• Breathe like a healthy baby sleeping in a crib, who is so quiet and peaceful-looking that the mother wants to shake her baby awake to make sure he’s still alive!
  • Place yourself in a slow-motion video.

In the last couple years, scientists have recognized that breathing like this can help “tone” the condition of the vagus nerve, a cranial nerve that controls the heart, lungs and digestive tract and sends information to the brain.

The quality of our thinking is directly influenced by our breathing state. Over-breathing — breathing more air than required for the needs of the moment — is stress breathing and reduces delivery of Oxygen.

Here’s how: Mouth breathing, which is typically how over-breathing happens, signals the body to tighten all the muscles in order to fight or flee a situation. If it’s not a physical emergency though, allowing less Oxygenated blood to the brain by constricting tissue around the arteries, is not a plus. When that happens, the brain can literally go haywire with self-generated, out-of-context thoughts. “The brain, by regulating breathing, controls its own excitability,” found researchers Balestrino and Somjen in 1988.

Breathing less at those moments, through advance training and practice, can be a skillful action.

 

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Breathing Retraining Center offers individual and group training and coaching on self-management techniques to identify and correct poor-breathing habits. Breathing Retraining Center’s educational products, courses and coaching are designed to improve breathing skills for people whose issues may be related to habits that have the potential to be improved, as a self-care/wellness activity. Breathing difficulty may be a warning sign of a life-threatening heart or lung condition, infection or other illness. Always check with your doctor about your own situation.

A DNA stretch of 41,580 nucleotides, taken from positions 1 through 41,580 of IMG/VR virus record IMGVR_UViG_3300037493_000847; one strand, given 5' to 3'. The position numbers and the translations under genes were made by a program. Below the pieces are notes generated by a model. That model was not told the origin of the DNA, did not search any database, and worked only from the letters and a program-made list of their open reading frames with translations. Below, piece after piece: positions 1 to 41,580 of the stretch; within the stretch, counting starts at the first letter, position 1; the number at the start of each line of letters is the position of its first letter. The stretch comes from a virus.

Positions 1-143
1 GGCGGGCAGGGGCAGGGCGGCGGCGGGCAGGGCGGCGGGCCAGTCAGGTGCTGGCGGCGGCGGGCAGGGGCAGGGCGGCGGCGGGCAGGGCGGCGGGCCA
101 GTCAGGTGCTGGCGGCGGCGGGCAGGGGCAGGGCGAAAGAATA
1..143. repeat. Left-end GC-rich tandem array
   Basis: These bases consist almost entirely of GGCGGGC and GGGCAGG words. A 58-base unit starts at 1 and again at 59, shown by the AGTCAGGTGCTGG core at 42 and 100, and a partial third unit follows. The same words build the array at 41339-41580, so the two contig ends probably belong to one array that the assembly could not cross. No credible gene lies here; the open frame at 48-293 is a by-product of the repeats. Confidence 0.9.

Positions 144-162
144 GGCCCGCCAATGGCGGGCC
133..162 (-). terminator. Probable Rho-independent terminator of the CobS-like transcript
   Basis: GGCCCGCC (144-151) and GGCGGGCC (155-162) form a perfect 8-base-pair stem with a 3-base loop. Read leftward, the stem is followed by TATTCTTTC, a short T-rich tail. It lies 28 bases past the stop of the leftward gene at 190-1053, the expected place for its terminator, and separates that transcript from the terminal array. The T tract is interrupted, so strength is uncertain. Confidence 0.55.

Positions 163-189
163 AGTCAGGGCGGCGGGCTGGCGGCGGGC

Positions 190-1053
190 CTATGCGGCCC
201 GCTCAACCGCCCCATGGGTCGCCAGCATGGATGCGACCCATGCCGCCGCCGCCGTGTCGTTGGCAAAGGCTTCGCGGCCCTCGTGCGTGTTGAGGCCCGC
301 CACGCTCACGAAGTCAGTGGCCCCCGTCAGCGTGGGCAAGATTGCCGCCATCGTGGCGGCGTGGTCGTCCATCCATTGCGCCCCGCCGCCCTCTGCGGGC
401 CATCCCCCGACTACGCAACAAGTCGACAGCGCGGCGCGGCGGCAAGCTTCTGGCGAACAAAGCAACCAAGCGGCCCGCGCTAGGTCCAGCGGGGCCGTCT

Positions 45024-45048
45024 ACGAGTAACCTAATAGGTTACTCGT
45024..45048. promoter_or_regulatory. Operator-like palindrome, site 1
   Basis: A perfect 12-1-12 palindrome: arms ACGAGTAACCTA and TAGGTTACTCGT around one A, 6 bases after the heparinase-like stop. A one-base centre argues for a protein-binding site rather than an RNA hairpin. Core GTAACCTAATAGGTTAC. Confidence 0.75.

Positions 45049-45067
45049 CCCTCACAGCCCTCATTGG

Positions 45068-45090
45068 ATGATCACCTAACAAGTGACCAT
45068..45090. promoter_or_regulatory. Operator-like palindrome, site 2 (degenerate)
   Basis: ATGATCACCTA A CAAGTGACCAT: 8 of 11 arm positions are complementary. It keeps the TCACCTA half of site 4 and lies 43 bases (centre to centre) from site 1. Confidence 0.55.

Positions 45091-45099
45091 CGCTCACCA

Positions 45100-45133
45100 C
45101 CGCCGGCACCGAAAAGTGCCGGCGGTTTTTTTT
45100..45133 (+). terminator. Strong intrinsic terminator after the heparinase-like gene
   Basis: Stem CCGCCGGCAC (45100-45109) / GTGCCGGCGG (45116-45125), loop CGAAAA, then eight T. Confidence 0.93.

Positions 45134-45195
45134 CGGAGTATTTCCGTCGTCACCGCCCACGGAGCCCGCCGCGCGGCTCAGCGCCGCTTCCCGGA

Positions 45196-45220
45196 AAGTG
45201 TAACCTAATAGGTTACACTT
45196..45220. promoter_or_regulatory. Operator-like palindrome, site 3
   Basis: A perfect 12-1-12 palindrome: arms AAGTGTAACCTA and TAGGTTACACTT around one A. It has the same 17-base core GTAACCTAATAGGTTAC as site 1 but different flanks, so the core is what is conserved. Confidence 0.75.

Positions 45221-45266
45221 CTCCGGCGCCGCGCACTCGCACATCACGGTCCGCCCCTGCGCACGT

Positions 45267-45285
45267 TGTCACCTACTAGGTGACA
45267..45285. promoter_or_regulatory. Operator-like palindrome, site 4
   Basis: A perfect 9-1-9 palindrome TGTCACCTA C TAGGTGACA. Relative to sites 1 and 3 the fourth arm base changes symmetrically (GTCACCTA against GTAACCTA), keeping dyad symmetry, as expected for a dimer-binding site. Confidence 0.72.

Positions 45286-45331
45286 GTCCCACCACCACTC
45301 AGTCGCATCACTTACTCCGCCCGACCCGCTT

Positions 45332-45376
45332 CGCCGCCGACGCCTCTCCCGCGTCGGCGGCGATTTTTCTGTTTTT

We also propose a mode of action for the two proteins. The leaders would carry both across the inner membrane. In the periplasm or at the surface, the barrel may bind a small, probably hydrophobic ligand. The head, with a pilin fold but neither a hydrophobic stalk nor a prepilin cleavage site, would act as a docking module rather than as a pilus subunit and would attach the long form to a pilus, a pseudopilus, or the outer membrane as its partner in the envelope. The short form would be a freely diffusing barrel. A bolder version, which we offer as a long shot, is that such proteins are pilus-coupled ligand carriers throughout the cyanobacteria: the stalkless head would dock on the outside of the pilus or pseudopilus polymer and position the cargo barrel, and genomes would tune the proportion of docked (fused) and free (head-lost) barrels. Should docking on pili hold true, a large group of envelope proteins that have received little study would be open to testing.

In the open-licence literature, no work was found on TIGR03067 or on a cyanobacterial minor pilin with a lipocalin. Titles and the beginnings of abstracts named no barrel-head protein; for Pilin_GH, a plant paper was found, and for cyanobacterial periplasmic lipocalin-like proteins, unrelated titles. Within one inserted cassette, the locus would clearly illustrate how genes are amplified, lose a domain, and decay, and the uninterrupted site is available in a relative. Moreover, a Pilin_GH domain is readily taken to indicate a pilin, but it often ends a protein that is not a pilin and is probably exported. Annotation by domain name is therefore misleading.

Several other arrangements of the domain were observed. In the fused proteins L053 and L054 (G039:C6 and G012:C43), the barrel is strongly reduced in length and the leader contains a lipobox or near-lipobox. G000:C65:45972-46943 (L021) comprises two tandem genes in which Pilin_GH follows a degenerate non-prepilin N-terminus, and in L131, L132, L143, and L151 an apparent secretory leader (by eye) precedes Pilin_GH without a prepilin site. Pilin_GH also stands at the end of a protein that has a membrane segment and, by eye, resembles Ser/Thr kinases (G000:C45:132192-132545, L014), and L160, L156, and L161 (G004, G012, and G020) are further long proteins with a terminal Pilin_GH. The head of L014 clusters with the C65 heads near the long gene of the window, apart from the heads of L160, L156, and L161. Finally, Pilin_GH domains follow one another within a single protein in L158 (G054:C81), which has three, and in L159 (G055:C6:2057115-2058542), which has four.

The Buteyko Breathing Technique and other breathing-retraining strategies we teach are an alternative approach and are not the practice of medicine, psychology or a form of psychotherapy, nor are they a substitute for seeking medical or psychological advice from an appropriate professional health-care provider. We want to make the important distinction between using the Buteyko Breathing Technique and other breathing-retraining strategies for health and well-being and the practice of medicine, psychology or any other licensed health-care profession.
 
Breathing classes, coaching and other services from Breathing Retraining Center are offered by teachers who are not licensed by the State of California as physicians or other healing-arts practitioners unless so noted. We offer alternative non-medical/non-psychological techniques and our services are considered to be alternative or complementary to the healing arts that are licensed by the State of California.

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In December, 2023,  Breathing Retraining Center LLC was renamed Wellness Journey Company LLC, and Breathing Retraining Center is a part of a larger whole. Prior blog posts and videos may contain our Breathing Retraining Center LLC logo.